1 | initial version |

Let me assume that you want all possible compositions of length say n=3.

First, let us put the four functions into a list `L`

:

```
sage: L = [R1,R2,R3,R4] ; L
[<function R1 at 0x7fc150827320>,
<function R2 at 0x7fc1508272a8>,
<function R3 at 0x7fc150827a28>,
<function R4 at 0x7fc150827aa0>]
```

Then, we want to look at the product of `L`

`n`

times, and for each `n-uple`

`i`

, we want to appy each element of `i`

(which is a function) iteratively starting fro the vector `v`

:

```
sage: n = 3
sage: from itertools import product
sage: for i in product(L, repeat=3):
....: w = v
....: print i # to see which functions are applied (from left to right)
....: for f in i:
....: w = f(w)
....: print w # to see the composition applied to v
```

2 | No.2 Revision |

Let me assume that you want all possible compositions of length say n=3.

First, let us put the four functions into a list `L`

:

```
sage: L = [R1,R2,R3,R4] ; L
[<function R1 at 0x7fc150827320>,
<function R2 at 0x7fc1508272a8>,
<function R3 at 0x7fc150827a28>,
<function R4 at 0x7fc150827aa0>]
```

Then, we want to look at the product of `L`

with itself `n`

times, and for each `n-uple`

`i`

, we want to appy each element of `i`

(which is a function) iteratively starting fro the vector `v`

:

```
sage: n = 3
sage: from itertools import product
sage: for i in product(L, repeat=3):
....: w = v
....: print i # to see which functions are applied (from left to right)
....: for f in i:
....: w = f(w)
....: print w # to see the composition applied to v
```

3 | No.3 Revision |

Let me assume that you want all possible compositions of length say n=3.

First, let us put the four functions into a list `L`

:

```
sage: L = [R1,R2,R3,R4] ; L
[<function R1 at 0x7fc150827320>,
<function R2 at 0x7fc1508272a8>,
<function R3 at 0x7fc150827a28>,
<function R4 at 0x7fc150827aa0>]
```

Then, we want to look at the product of `L`

with itself `n`

times, and for each `n-uple`

`i`

, we want to appy each element of `i`

(which is a function) iteratively starting ~~fro ~~from the vector `v`

:

```
sage: n = 3
sage: from itertools import product
sage: for i in product(L, repeat=3):
....: w = v
....: print i # to see which functions are applied (from left to right)
....: for f in i:
....: w = f(w)
....: print w # to see the composition applied to v
```

4 | No.4 Revision |

Let me assume that you want all possible compositions of length say n=3.

First, let us put the four functions into a list `L`

:

```
sage: L = [R1,R2,R3,R4] ; L
[<function R1 at 0x7fc150827320>,
<function R2 at 0x7fc1508272a8>,
<function R3 at 0x7fc150827a28>,
<function R4 at 0x7fc150827aa0>]
```

Then, we want to look at the product of `L`

with itself `n`

times, and for each `n-uple`

`i`

, we want to appy each element of `i`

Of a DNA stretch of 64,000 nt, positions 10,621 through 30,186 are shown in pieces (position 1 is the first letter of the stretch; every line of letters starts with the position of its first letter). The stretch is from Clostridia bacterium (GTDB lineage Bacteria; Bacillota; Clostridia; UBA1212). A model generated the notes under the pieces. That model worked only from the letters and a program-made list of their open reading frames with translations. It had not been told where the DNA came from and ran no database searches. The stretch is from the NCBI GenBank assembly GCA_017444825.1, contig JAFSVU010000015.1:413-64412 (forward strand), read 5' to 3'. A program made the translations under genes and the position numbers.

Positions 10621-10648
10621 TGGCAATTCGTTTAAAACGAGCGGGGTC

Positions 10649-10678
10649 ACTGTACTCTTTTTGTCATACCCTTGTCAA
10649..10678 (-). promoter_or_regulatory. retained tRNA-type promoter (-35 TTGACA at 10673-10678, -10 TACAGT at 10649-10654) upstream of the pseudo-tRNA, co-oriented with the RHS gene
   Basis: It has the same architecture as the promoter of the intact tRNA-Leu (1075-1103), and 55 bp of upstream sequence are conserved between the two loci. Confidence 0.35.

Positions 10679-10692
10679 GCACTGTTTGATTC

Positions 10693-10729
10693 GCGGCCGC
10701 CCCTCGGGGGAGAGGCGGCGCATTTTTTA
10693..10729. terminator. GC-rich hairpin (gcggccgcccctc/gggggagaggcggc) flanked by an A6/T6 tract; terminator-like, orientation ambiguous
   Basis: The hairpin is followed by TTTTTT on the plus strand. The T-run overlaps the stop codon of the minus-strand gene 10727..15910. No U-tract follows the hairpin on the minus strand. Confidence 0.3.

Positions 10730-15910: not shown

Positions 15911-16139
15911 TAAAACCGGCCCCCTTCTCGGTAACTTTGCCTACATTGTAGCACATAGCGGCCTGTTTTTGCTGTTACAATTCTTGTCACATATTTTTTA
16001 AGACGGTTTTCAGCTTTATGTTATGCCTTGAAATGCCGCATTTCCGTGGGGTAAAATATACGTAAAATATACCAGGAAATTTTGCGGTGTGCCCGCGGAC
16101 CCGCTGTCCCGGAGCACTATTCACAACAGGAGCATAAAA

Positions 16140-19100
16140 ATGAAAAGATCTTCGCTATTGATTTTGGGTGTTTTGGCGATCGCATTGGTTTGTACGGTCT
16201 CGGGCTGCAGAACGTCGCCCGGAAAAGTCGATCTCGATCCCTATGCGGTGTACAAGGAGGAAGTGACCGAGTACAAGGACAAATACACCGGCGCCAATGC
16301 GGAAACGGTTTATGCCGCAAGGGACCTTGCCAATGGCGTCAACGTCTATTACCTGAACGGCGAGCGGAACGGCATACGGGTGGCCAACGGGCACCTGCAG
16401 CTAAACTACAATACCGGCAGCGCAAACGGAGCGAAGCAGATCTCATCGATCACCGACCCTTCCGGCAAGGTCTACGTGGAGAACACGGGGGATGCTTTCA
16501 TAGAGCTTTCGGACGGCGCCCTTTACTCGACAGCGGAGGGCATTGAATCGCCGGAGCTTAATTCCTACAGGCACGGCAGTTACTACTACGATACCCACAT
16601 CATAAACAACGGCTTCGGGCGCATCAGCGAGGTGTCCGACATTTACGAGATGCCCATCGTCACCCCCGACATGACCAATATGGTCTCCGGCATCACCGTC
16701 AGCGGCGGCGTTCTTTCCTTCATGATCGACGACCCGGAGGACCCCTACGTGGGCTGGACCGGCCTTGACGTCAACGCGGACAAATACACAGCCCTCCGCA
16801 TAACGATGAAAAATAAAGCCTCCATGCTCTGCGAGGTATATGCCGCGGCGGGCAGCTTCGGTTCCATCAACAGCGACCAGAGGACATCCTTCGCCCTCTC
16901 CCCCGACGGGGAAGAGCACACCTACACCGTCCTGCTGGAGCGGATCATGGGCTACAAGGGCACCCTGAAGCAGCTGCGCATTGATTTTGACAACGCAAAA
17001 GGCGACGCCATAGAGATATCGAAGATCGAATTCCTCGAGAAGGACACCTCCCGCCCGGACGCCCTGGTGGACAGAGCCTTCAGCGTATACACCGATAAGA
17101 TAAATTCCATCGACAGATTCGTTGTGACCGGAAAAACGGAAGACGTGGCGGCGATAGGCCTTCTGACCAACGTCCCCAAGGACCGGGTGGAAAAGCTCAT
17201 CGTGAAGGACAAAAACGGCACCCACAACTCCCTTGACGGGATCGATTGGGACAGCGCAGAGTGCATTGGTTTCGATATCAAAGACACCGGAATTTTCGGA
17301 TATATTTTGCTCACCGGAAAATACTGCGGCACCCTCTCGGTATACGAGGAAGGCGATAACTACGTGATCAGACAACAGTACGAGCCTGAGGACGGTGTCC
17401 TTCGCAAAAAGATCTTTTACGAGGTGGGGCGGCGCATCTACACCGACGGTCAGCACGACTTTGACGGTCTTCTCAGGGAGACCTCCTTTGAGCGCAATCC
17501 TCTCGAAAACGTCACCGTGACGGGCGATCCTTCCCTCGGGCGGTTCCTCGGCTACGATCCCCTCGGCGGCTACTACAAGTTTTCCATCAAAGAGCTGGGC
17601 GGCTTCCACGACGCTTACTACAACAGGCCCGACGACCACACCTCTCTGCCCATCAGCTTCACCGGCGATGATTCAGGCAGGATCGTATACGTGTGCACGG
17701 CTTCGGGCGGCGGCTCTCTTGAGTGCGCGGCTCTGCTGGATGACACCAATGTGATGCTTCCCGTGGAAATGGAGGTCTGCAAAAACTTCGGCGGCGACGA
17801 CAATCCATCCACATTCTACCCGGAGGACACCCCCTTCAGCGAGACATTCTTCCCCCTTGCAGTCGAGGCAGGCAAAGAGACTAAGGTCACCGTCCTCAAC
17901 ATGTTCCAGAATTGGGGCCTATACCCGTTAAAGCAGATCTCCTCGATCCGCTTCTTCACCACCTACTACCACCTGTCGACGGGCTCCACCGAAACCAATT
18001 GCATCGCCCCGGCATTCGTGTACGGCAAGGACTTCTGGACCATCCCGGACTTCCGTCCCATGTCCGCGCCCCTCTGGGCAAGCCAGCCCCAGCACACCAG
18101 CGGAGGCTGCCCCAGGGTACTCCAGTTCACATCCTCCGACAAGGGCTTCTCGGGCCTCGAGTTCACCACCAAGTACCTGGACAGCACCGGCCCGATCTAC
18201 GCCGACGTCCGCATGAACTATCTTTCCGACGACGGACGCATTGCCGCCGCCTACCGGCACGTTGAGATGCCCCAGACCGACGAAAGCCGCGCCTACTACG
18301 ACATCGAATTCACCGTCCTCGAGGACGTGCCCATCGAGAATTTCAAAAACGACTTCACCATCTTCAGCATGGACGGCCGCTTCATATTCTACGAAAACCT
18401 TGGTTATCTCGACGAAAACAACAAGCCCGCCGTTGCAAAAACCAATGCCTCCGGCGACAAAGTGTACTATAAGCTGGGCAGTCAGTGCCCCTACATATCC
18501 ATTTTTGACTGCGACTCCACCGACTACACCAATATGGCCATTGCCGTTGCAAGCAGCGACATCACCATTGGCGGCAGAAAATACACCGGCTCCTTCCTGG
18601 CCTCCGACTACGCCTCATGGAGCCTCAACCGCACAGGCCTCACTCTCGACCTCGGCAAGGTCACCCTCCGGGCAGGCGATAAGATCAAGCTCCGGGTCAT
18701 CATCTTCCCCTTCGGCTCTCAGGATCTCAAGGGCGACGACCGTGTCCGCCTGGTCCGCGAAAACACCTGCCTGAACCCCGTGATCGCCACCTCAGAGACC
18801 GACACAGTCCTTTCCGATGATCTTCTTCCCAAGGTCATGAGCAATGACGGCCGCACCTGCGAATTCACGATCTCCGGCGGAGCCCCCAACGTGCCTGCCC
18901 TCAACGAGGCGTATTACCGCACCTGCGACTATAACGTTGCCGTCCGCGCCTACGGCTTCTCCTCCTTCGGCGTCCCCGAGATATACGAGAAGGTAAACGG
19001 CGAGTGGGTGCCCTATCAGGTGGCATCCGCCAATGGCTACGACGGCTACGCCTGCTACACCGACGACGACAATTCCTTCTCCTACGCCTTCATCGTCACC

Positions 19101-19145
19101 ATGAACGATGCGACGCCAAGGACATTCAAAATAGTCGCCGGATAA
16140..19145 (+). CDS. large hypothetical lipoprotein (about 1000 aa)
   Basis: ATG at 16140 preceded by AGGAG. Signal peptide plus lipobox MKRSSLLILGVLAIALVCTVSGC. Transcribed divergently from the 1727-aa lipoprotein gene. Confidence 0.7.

(which is a function) iteratively starting from the vector `v`

:

```
sage: n = 3
sage: from itertools import product
sage: for i in product(L, repeat=3):
....: w = v
....: print i # to see which functions are applied (from left to right)
....: for f in i:
....: w = f(w)
....: print w # to see the composition applied to v
```

**EDIT** If you want to avoid redundency, you can put your results in a set. However, matrices are unhashable by default, so they can not be elements of sets. Hence you have to make them immutable first:

```
sage: S = set()
sage: for i in product(L, repeat=3):
....: w = v
....: for f in i:
....: w = f(w)
....: w.set_immutable()
....: S.add(w)
sage: S
{[-3]
[ 1]
[ 1], [-1]
[ 1]
[ 1], [1/3]
[1/9]
[1/9], [1]
[1]
[1], [3]
[1]
[1]}
```

5 | No.5 Revision |

Let me assume that you want all possible compositions of length say n=3.

First, let us put the four functions into a list `L`

:

```
sage: L = [R1,R2,R3,R4] ; L
[<function R1 at 0x7fc150827320>,
<function R2 at 0x7fc1508272a8>,
<function R3 at 0x7fc150827a28>,
<function R4 at 0x7fc150827aa0>]
```

Then, we want to look at the product of `L`

with itself `n`

times, and for each `n-uple`

`i`

, we want to appy each element of `i`

(which is a function) iteratively starting from the vector `v`

:

```
sage: n = 3
sage: from itertools import product
sage: for i in product(L, repeat=3):
....: w = v
....: print i # to see which functions are applied (from left to right)
....: for f in i:
....: w = f(w)
....: print w # to see the composition applied to v
```

**EDIT** If you want to avoid redundency, you can put your results in a set. However, matrices are unhashable by default, so they can not be elements of sets. Hence you have to make them immutable first:

```
sage: S = set()
sage: for i in product(L, repeat=3):
....: w = v
....: for f in i:
....: w = f(w)
....: w.set_immutable()
....: S.add(w)
sage: S
{[-3]
[ 1]
[ 1], [-1]
[ 1]
[ 1], [1/3]
[1/9]
[1/9], [1]
[1]
[1], [3]
[1]
[1]}
```

In case there are a lot of equalities in the partial compotitions we can an iterative approach (as @nbruin's answer) so that the simplification is done at each step:

```
sage: v.set_immutable()
sage: Sold = {v}
sage: for i in range(n):
....: Snew = set()
....: for f in L:
....: for u in Sold:
....: w = f(u)
....: w.set_immutable()
....: Snew.add(w)
....: Sold = Snew
sage: Sold
{[-3]
[ 1]
[ 1], [-1]
[ 1]
[ 1], [1/3]
[1/9]
[1/9], [1]
[1]
[1], [3]
[1]
[1]}
```

In your example, you will save a lot of redundent computations, therefore you will be able to go way further.

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